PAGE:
By Nic Rigby
BBC News, Norwich
Talk of crocodiles usually conjures up visions of Africa or the Australian outback.
Andy Johnson believes there is a market for crocodile meat
But now one East Anglian farmer is bringing these animals to the rural setting of the Fens.
Andy Johnson told the BBC that he has only got eight crocodiles at the moment, but in a few years time he could have as many as a thousand.
Mr Johnson, 36, of Oldhurst, Cambridgeshire, is setting up the farm to breed crocodiles for meat.
"It's white, low fat meat with the grain of fish. Some people say it is similar to chicken, but it's not, it tastes of crocodile," he said.
Crocodile can be eaten as a meat steak or even spare ribs.
Mr Johnson said: "Crocodile meat is a small market now but I think the demand for alternative meats will grow in the next few years.
"There's definitely a market for it. As far as we know we're the only ones commercially looking at farming the crocodiles in the UK, probably Europe."
The biggest animal on his farm is an 8ft 6in long female called Cuddles.
Other crocodiles given names include Romeo (the lone male), Sherbert, Kisses, Grumpy, Smiler and Snouty.
"It all started off as a bit of a joke, but the more people asked me if I'd done anything about it the more I looked into it," said Mr Johnson.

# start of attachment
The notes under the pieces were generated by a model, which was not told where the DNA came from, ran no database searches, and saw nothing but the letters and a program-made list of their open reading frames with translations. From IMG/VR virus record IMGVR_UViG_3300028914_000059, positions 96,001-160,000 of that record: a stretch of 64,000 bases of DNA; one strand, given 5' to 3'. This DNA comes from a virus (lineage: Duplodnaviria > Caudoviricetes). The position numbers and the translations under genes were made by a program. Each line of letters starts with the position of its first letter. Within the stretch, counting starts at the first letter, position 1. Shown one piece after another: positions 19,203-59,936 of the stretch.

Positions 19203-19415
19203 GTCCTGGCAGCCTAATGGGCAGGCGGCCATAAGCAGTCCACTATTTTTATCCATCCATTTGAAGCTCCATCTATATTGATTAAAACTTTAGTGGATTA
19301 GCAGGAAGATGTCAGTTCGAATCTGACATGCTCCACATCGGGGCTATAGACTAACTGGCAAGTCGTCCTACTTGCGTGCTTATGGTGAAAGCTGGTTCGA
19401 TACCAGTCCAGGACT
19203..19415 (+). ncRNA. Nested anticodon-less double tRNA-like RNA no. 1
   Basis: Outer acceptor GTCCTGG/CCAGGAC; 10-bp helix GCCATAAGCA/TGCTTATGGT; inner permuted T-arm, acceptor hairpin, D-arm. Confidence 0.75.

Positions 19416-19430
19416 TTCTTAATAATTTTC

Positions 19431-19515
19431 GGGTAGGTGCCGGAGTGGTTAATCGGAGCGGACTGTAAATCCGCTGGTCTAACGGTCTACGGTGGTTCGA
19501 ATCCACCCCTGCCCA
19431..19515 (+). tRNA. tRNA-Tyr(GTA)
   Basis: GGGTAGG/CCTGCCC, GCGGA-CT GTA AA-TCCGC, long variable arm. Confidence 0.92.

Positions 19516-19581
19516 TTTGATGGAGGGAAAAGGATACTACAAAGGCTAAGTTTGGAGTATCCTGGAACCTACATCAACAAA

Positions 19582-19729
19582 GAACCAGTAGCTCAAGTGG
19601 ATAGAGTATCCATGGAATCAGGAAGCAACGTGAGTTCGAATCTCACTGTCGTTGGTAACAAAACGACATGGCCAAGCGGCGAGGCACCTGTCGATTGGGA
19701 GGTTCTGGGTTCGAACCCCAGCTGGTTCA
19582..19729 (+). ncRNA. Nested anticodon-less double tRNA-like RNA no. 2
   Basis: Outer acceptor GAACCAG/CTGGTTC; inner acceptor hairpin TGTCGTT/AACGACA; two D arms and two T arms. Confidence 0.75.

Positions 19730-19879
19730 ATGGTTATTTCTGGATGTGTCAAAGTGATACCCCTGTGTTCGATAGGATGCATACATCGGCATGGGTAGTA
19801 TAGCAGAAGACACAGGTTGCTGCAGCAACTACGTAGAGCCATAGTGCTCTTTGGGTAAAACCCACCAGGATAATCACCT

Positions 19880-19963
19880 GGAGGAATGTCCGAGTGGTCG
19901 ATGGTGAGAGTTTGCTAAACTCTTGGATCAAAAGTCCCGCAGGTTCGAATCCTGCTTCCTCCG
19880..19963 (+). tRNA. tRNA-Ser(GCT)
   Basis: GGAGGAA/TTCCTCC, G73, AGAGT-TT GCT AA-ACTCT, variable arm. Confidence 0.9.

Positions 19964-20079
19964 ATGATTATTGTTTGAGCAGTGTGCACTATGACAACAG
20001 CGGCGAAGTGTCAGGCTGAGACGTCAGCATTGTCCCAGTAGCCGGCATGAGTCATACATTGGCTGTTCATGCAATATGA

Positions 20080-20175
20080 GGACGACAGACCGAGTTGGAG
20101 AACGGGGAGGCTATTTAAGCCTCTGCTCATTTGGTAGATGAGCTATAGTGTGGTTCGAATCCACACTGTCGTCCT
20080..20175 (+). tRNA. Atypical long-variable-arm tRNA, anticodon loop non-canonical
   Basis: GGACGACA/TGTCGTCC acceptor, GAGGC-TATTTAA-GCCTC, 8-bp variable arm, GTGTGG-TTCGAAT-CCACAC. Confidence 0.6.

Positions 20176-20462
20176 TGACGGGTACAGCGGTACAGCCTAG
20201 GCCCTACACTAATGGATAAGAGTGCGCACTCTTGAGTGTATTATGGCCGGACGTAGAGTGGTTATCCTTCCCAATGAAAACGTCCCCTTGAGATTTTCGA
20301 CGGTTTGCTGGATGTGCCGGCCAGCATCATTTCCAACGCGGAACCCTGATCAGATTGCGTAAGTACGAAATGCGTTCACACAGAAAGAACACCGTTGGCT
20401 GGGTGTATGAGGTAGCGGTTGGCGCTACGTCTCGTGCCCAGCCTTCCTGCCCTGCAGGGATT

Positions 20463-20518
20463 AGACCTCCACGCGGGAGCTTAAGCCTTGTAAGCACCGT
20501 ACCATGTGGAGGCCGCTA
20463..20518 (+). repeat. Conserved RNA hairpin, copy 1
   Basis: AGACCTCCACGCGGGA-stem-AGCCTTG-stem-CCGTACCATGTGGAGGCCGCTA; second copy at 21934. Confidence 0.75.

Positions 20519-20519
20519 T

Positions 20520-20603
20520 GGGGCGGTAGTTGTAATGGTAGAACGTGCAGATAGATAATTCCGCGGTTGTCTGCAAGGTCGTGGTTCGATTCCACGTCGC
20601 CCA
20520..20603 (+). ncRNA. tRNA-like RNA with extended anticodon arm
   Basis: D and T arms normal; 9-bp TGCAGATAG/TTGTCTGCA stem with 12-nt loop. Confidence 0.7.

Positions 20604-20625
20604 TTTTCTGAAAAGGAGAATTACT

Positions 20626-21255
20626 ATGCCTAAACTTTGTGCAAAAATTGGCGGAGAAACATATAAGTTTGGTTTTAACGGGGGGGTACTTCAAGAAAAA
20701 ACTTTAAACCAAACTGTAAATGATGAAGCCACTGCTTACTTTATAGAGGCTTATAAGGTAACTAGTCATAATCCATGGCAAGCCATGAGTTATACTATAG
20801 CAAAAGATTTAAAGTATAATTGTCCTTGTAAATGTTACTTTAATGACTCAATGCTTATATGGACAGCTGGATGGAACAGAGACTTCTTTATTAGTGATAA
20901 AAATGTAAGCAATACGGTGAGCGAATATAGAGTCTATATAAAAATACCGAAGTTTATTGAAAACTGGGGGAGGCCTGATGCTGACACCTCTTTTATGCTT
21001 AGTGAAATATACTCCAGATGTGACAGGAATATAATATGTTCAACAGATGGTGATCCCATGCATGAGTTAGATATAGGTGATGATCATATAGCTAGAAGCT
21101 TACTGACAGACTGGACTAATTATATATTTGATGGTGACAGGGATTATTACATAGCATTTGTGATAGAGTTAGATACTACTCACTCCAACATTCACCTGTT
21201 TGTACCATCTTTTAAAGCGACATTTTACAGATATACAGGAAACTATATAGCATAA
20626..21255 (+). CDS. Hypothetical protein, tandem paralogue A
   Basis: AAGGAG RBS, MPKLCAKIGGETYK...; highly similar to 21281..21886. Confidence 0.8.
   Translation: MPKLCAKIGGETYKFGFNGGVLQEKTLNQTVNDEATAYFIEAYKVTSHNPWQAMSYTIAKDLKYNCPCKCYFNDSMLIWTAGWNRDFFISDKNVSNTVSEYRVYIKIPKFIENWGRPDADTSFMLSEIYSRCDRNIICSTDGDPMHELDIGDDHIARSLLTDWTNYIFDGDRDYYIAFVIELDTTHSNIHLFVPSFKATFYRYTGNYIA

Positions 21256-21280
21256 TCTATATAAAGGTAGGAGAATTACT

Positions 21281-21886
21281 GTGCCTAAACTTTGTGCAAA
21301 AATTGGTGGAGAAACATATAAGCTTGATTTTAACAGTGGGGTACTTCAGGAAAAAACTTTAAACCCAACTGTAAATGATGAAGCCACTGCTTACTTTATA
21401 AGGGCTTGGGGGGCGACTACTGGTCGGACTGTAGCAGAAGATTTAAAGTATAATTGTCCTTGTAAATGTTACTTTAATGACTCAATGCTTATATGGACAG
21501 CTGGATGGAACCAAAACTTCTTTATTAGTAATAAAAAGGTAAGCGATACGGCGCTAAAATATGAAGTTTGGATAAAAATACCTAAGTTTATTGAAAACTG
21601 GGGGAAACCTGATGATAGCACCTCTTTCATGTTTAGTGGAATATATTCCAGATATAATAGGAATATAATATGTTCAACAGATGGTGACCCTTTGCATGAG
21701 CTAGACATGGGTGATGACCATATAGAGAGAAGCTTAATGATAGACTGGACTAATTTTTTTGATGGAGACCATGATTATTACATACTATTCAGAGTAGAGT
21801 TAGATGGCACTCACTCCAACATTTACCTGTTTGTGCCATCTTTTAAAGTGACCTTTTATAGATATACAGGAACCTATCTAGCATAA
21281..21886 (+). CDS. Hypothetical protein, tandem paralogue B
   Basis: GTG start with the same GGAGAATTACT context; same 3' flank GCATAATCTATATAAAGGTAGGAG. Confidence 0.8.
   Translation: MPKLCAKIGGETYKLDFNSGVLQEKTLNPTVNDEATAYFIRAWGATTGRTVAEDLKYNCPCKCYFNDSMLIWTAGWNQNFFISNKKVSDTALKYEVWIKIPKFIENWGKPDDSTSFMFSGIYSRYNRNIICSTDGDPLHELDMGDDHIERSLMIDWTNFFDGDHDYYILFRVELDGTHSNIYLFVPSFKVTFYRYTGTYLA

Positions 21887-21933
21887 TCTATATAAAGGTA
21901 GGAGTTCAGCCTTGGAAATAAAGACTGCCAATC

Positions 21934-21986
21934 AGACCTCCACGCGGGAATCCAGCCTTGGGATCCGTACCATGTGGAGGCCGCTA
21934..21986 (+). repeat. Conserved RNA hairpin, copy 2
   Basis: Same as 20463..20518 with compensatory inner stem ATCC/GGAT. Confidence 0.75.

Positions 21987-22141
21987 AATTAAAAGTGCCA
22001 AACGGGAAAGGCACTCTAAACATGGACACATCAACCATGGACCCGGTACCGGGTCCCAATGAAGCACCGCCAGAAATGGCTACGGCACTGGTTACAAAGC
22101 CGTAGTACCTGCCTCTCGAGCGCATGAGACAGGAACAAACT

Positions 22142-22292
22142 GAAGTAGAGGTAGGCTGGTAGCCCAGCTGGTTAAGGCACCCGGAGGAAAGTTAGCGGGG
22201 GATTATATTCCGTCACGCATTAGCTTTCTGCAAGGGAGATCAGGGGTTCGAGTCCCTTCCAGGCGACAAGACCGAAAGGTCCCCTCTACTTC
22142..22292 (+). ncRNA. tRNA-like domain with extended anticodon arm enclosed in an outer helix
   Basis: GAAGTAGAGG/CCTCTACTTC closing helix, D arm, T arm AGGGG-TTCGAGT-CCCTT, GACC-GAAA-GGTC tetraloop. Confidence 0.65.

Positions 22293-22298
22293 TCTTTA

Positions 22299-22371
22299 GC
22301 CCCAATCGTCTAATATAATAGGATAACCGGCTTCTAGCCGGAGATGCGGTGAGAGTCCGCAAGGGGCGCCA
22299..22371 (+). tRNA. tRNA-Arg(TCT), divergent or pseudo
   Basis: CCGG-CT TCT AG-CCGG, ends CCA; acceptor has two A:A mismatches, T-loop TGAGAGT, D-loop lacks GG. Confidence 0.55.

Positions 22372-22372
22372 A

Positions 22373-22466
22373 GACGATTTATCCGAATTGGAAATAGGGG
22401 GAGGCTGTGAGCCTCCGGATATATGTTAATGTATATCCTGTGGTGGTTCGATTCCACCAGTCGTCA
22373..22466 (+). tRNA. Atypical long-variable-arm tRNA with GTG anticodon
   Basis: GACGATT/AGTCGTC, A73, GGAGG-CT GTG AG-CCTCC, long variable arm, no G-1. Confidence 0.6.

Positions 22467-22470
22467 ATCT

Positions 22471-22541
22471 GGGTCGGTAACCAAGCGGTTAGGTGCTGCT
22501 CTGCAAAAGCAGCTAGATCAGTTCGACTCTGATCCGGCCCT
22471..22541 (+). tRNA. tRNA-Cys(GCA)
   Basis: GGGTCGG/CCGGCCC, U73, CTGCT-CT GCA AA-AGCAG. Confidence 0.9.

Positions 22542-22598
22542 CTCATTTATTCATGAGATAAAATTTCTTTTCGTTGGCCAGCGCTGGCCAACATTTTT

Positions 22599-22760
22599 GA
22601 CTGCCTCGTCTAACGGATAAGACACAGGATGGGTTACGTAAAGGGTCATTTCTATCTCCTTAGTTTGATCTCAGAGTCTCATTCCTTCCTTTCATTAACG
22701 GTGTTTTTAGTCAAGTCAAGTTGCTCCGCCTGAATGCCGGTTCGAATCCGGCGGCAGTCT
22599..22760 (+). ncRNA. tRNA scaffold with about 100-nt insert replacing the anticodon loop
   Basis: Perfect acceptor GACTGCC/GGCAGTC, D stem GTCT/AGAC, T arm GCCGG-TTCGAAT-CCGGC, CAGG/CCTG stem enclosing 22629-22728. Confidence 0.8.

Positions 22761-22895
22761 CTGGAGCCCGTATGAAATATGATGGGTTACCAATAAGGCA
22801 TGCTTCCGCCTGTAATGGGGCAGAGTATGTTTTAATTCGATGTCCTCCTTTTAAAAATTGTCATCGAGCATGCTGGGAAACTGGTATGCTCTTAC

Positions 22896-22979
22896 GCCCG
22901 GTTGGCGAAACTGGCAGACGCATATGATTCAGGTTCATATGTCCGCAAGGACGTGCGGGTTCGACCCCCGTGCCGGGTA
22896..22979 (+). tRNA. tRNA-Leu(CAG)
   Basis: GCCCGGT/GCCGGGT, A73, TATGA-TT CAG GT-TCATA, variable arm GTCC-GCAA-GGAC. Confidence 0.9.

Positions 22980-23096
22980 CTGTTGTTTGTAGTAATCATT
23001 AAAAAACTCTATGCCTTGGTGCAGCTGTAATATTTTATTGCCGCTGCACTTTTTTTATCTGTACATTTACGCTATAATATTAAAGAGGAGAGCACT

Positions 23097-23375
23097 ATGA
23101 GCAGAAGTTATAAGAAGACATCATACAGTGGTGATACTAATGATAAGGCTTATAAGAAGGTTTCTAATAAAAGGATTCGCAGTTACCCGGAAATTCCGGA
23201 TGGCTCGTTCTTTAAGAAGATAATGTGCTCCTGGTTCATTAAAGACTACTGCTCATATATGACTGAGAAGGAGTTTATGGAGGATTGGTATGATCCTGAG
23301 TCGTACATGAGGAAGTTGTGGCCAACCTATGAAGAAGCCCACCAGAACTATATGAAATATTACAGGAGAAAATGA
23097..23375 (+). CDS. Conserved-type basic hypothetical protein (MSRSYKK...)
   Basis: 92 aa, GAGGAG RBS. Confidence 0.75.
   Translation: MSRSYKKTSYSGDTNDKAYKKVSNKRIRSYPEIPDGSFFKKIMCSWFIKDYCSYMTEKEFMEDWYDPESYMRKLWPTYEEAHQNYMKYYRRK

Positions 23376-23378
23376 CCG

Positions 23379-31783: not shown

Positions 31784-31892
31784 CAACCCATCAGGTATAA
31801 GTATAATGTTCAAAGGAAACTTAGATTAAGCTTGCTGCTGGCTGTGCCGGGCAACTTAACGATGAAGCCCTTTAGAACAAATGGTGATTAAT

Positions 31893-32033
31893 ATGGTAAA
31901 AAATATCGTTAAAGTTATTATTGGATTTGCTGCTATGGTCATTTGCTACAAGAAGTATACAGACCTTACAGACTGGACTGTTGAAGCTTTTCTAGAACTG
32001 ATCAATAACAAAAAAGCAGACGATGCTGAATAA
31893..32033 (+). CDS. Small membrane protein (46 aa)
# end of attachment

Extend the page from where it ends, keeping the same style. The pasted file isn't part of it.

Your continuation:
"What we were amazed by was how environmentally friendly it is. We can feed them using farming by products - we use laying hens which would otherwise be sent for incineration.
Crocodile meat will be sold in the farm shop
"It's much better than fish farming because fish are fed on krill which are caught using massive nets. Krill is the bottom of the food chain so it's really bad for the environment.
"We're looking at ways of using renewable energy including solar power to heat the building."
Huntingdonshire District Council said officers had checked Mr Johnson's operation and given him permission to proceed.
"We've given the farm the go-ahead. Our concern is that the animals are properly looked after, that they pose no danger to the public and that there is a proper plan in place if one escapes," said a council spokesman.
But though Mr Johnson has a wild animal licence to allow him to keep the crocodiles, he admits he is wary of the animals.
He does not go into the building alone and often employs his wife Tracey, 35, to accompany him inside.
The local council has given Mr Johnson permission for the farm
He said: "With crocodiles it's very important to be seen by them as top dog, and you do build a relationship up with them.
"But you have to be careful. Crocodiles don't nip or growl to show they are in a bad mood and have no real way of showing it so you have to be wary.
"There's no real danger outside of the building though because there's very few days in this country when it's warm enough for them. If they are outside and it is too cold they will get very slow or not move at all."
They are also planning to open a farm shop, and every Saturday he will be allowing visitors to see his crocodiles free of charge.